We said goodbye to Morro Bay, and the great time we’d had there seeing the elephant seals, on December 9, 2017. Since San Francisco, we’d gotten into a habit of leaving at sunset, and we did so again as we motored across the Morro Bay bar and set sail in the wake of the tall ships Lady Washington and Hawaiian Chieftain.
The light breeze we encountered at the harbor mouth soon died off to nothing, so that we started the engine again to motor through a flat calm. We had an uneventful rounding of Point Conception, a notorious bit of the California coast, in the middle of the night, and we were close enough to see the hazy red glow of the wild-fires that were engulfing that area at the time. In fact, the air was so thick with smoke that my chest felt very constricted by the end of my watch, so much so at one point that I had trouble breathing. I obviously shouldn’t have waited until then to root around for my respirator, but one’s motivation to dig around with a flashlight in the recesses of the tool lockers isn’t great by 3:30 AM after fighting sleepiness since midnight.
When dawn came, I could see how thick the smoke really was – we even saw large patches of ash lying on the calm water.
On a happier note, we were approaching the lovely Channel Islands, home to a whole lot of marine fauna and not much else. We’d seen dolphins all down the coast, but were greeted by a big pod of them here.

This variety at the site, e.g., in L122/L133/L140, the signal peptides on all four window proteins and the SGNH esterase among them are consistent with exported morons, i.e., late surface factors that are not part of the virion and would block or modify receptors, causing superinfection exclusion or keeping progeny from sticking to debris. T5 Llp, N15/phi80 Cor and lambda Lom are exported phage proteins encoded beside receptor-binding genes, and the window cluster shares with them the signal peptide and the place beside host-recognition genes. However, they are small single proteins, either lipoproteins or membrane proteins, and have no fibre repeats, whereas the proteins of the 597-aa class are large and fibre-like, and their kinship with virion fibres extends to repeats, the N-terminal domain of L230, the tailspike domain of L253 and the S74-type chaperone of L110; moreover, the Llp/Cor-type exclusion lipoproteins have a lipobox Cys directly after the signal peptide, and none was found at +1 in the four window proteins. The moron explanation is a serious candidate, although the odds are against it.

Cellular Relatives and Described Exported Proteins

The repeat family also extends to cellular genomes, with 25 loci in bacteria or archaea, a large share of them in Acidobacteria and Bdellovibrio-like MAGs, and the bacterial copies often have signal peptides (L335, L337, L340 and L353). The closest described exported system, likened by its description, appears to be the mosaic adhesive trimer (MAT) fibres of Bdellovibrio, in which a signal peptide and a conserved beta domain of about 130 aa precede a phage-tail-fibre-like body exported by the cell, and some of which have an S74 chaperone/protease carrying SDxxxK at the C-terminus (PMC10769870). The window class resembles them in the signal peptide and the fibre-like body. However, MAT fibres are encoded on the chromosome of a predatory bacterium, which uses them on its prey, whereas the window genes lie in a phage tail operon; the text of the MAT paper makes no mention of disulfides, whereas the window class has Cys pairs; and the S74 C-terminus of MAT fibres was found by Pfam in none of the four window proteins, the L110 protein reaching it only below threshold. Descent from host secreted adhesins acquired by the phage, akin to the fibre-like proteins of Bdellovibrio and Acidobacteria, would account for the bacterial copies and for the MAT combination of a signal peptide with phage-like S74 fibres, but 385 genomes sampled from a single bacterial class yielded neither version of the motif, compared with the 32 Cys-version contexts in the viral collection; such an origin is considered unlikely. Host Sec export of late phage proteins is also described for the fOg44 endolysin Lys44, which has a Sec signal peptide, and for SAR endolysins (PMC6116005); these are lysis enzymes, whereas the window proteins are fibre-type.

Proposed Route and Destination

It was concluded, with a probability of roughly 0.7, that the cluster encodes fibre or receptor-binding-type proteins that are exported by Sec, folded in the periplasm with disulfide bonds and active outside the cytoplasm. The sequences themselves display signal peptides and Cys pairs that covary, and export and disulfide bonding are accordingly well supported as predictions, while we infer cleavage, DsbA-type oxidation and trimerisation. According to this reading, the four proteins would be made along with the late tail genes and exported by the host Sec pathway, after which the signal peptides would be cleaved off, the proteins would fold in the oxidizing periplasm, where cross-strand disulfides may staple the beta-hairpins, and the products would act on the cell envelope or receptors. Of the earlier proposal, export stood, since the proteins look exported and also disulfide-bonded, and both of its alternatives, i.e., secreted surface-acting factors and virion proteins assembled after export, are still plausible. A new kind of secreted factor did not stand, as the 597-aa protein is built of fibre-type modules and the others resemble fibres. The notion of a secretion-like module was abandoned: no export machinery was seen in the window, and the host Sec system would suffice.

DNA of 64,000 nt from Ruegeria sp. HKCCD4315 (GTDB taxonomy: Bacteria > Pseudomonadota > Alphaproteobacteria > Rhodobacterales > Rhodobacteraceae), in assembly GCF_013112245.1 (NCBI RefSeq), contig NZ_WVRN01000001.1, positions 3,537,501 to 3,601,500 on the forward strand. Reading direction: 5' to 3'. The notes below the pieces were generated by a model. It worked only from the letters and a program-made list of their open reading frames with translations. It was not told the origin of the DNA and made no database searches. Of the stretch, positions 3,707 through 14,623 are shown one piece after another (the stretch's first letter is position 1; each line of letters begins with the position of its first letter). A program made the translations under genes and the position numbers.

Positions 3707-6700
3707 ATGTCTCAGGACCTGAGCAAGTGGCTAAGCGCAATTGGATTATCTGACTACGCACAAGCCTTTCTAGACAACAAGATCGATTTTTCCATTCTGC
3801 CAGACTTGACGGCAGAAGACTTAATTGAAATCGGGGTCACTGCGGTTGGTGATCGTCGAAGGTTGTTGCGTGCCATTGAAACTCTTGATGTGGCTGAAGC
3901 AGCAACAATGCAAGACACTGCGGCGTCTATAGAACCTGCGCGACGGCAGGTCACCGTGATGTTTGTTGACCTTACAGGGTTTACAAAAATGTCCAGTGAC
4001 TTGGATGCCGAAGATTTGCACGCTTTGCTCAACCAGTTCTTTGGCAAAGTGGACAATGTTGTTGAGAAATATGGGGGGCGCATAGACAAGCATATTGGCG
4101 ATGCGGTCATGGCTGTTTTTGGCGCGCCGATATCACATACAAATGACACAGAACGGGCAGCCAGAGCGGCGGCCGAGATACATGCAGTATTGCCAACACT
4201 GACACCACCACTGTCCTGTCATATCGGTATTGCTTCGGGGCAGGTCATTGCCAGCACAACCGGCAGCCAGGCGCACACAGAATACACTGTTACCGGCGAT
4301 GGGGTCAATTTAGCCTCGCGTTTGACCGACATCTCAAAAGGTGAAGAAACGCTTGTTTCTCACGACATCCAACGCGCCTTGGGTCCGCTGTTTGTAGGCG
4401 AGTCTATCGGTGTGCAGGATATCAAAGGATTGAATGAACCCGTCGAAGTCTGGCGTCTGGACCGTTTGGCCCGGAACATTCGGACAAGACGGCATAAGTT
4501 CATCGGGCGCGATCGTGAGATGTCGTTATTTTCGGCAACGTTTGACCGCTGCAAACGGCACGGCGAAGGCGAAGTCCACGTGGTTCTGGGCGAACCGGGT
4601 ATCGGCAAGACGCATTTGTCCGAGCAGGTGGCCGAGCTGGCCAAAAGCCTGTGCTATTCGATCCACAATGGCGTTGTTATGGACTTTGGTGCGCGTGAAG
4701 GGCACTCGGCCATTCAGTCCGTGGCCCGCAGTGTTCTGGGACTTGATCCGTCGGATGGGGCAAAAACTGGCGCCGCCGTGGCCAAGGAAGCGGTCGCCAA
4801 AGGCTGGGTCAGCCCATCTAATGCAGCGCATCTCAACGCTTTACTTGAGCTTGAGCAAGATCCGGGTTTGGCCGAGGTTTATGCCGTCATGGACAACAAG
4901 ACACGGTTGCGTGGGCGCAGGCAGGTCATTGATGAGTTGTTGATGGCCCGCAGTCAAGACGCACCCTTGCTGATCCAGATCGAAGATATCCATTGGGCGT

Upon anchoring at San Miguel Island, we found that, despite the dead calm and consequent lack of wind-waves, there was a big swell piling surf onto the beach, so we decided to stay on board and look at the deserted island from the deck of Celeste instead of launching the dinghy and going ashore. This decision was compounded by the fact that I was feeling the beginnings of the flu. As the sun set for our night at anchor there, the only sounds were the surf and a few elephant seals barking on the beach. Amazing to think we were only about 100 miles from Los Angeles!
We had a relaxed morning the next day, hoping that sleeping in would make my flu go away (unfortunately it didn’t), and then we started across to Marina del Rey, about 80 miles away. We did it as a leisurely overnight, puttering through the continued calm. We reached the man-made harbor in the morning with plenty of time to find our slip and get settled there.
Marina del Rey is one of the largest marinas in the world, and is the largest man-made small craft harbor with over 5,000 slips. It was dug out of the marshy Playa del Rey estuary in the 1950s. Today it’s surrounded by posh hotels like the Ritz and on-going construction everywhere. The marina slips are home to many normal-sized sail- and power boats as well as a hefty dosh of flashy, enormous yachts:
Quite the contrast from the empty dunes and rocks of San Miguel Island!
Marina del Rey had the huge advantage, however, of having a slip we could use for the next six weeks. We were planning to leave Celeste yet again for an extended period over the holidays, and nowhere in Southern California would let us rent a slip for more than 15 days. Very generously, a friend of a friend got us a slip at the California Yacht Club where we could stay for the whole six weeks we needed. A big thank-you to the Hathaways!